Similarly Group D looked an even fight. Tommy Caton played in Division 1 for the club, but his time at the club is mostly forgotten. Mark Creighton’s time at Oxford was relatively short, but his impact was immense meaning he came out on top with 48.6% of the vote. He was followed by Andy Crosby, a John Mousinho-type commanding defender from the early 2000s. Michael Duberry had a lot of fans during his two years with the club, but couldn’t quite live with the big guns in the group.
Curtis Nelson laid waste to Group E picking up the same landslide victory as Malcolm Shotton in Group B with 83.4% of the vote. The rest were fighting for scraps, it was Brian Wilsterman, the hapless, accident prone, but charismatic Dutchman who picked up just 9.6% of the votes to ease into the second round.
Group F was all about the younger pretenders. Both Andy Melville and Steve Foster were club captains and internationals – Foster played in the 1982 World Cup. But, with Twitter skewed towards a slightly younger demographic and the fact that football fans tend to have short memories, Rob Dickie and Chey Dunkley took the honours.
Had only the winner gone through from Group G, then it would have been a group of death with the presence of Matt Elliott and Jake Wright together. In the end their combined forces blew away makeweights Rhys Day and Charlie Raglan. Elliott prevailed with 59.6% of the vote. Day was the only player in the competition not to pick up a single vote, which is a shame given his contribution to Alfie Potter’s goal at Wembley in 2010.
An epic group stage concluded with a fairly convincing sweep from Johnny Mullins and Mark Wright. Wright was probably the best defender in the competition he went on to play a pivotal role for England in the 1990 World Cup and captained Liverpool, but his time at the club when manager tainted his image, so he ran out second to the amiable Mullins.
As if to illustrate that these competitions are not wholly a judgement of ability, Gary Briggs blew away Mark Wright in the first game of Round 2. Rambo took 85.8% of the vote setting his stall out for the rest of the tournament. On the pitch and in Twitter polls, he wasn’t going to take any prisoners.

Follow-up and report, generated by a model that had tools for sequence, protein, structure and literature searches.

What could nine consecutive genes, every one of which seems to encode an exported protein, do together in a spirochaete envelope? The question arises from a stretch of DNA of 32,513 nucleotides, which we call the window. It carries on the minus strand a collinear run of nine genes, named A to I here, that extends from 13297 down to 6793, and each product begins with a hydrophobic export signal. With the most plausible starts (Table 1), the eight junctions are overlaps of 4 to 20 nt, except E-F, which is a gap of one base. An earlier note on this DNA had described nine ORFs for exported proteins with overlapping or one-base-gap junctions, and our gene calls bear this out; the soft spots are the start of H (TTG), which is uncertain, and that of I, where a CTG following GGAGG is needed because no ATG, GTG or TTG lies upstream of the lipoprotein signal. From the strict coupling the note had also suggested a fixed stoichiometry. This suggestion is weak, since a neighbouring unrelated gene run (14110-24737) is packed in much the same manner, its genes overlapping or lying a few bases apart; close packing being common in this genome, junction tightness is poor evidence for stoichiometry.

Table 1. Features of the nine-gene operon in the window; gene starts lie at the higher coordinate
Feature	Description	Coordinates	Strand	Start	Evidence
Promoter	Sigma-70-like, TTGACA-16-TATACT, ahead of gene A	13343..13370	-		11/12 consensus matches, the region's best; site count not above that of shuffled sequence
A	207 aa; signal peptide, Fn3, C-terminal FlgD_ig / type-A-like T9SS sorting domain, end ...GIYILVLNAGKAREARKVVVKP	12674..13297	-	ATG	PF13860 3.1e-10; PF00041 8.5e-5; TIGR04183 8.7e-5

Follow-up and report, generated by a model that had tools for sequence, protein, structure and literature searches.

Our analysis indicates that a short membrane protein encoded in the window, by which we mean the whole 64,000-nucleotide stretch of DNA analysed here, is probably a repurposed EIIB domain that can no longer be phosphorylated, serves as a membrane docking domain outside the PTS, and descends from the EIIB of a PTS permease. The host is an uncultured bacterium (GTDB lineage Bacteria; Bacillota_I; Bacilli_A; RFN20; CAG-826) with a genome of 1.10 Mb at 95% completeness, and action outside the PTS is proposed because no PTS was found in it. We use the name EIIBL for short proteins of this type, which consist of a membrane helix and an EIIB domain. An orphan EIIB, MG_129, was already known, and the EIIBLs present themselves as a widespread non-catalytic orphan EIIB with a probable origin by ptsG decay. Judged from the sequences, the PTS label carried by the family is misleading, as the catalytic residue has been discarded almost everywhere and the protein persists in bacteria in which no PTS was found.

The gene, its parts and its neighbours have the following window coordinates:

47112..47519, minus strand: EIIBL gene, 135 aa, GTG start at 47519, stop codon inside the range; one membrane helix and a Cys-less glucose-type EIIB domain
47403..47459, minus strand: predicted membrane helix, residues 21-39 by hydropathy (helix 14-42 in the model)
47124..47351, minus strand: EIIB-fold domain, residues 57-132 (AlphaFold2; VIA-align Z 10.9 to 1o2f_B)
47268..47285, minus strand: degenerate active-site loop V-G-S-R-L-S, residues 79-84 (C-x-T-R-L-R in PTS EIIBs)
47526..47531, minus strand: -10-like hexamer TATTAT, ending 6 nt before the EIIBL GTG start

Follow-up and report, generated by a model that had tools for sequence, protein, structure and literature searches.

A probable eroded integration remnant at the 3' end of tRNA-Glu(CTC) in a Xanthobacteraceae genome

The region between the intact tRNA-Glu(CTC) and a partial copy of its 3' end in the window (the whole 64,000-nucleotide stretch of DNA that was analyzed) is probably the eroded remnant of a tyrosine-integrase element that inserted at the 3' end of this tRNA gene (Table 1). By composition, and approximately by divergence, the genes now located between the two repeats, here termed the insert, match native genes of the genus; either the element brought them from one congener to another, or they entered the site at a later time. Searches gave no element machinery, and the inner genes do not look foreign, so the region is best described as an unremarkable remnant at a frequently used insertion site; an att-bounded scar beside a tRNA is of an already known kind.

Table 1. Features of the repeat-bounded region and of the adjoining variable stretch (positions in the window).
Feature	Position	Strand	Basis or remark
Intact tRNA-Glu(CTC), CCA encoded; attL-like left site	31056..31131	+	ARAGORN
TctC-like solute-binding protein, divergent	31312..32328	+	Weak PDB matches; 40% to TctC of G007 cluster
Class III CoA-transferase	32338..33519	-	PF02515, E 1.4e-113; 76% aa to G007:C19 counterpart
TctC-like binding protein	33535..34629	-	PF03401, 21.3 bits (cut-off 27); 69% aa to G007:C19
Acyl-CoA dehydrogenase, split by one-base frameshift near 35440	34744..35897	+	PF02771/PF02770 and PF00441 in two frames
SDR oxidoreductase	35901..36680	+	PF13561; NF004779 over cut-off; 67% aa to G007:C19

A battle of the hardest of hard men. I’d have paid good money to see Mark Creighton and Malcolm Shotton go up against each other on the pitch. In the end, Malcolm Shotton made it a double for The Milk Cup duo taking over 75% of the vote. Farewell dear Beast.
John Mousinho is a mightily impressive man, a great communicator and leader and a real asset to the club, but when put up against Matt Elliott, he really didn’t stand a chance. Elliott blazed past him with nearly 80% of the vote.
Game 4 was a 2016 derby, an old partnership which saw us through the late Wilder years, right up to the point where Chey Dunkley emerged as a force to be reckoned with. Head to head, though, there was no contest, Wright took it with the highest vote percentage of the tournament so far.
Then things started to unravel, a frantic thirty minutes when I had a shopping delivery and a log delivery in quick succession coincided with the conclusion of the first round and someone pointing out that I’d forgotten Mark Watson. Watson was a Canadian international and club captain in the late 1990s. While the club collapsed around him, he remained steadfast and was worthy of a place in the tournament. An emergency poll as to his inclusion came out 50:50, so in the end, one supportive tweet decided it. It didn’t do much good, Phil Gilchrist won comfortably with 66.9% of the vote, Watson’s inclusions simply seemed to split the vote with Andy Crosby.
After that drama, we all needed a bit of knockabout fun, so watching Brian Wilsterman get schooled by Chey Dunkley was just what the doctor ordered. Dunkley broke the record with 95.6% of the vote, with people admitting that they voted for Wilsterman out of sympathy.
But if Chey Dunkley’s win was convincing, Rob Dickie’s destruction of his old defensive partner Elliott Moore was devastating. Dickie humbled the big man with 97% of the vote, the biggest win advantage in this or any other tournament.
The final game was nearly as convincing; Curtis Nelson’s more recent escapades fried 90s-guy Ceri Evans who would probably be happy with a second round place. Evans can go back to his books while Nelson booked his place in the quarter-finals.
The second round shed the tournament of its makeweights, all eight quarter-finalists were veterans of epic campaigns and leaders in their own right. There were no easy ties. First up, was Rob Dickie against Phil Gilchrist. It should have been close, but Dickie’s more recent escapades made him the comfortable win with 60% of the vote.
There are moments in these things where people you think of as imperious, suddenly look meek and vulnerable. Matt Elliott ominously swept aside Curtis Nelson in game two with 83.1% of the vote. Could anyone stop him?
Game three was the tightest of them all. Jake Wright lived more recently in the memory and was arguably the more refined defender, but would that be enough? The legend of Gary Briggs lives strong, the blood streaming down his face and splattered on his shirt, these evocative images gave him just enough to sneak by with 54% of the vote.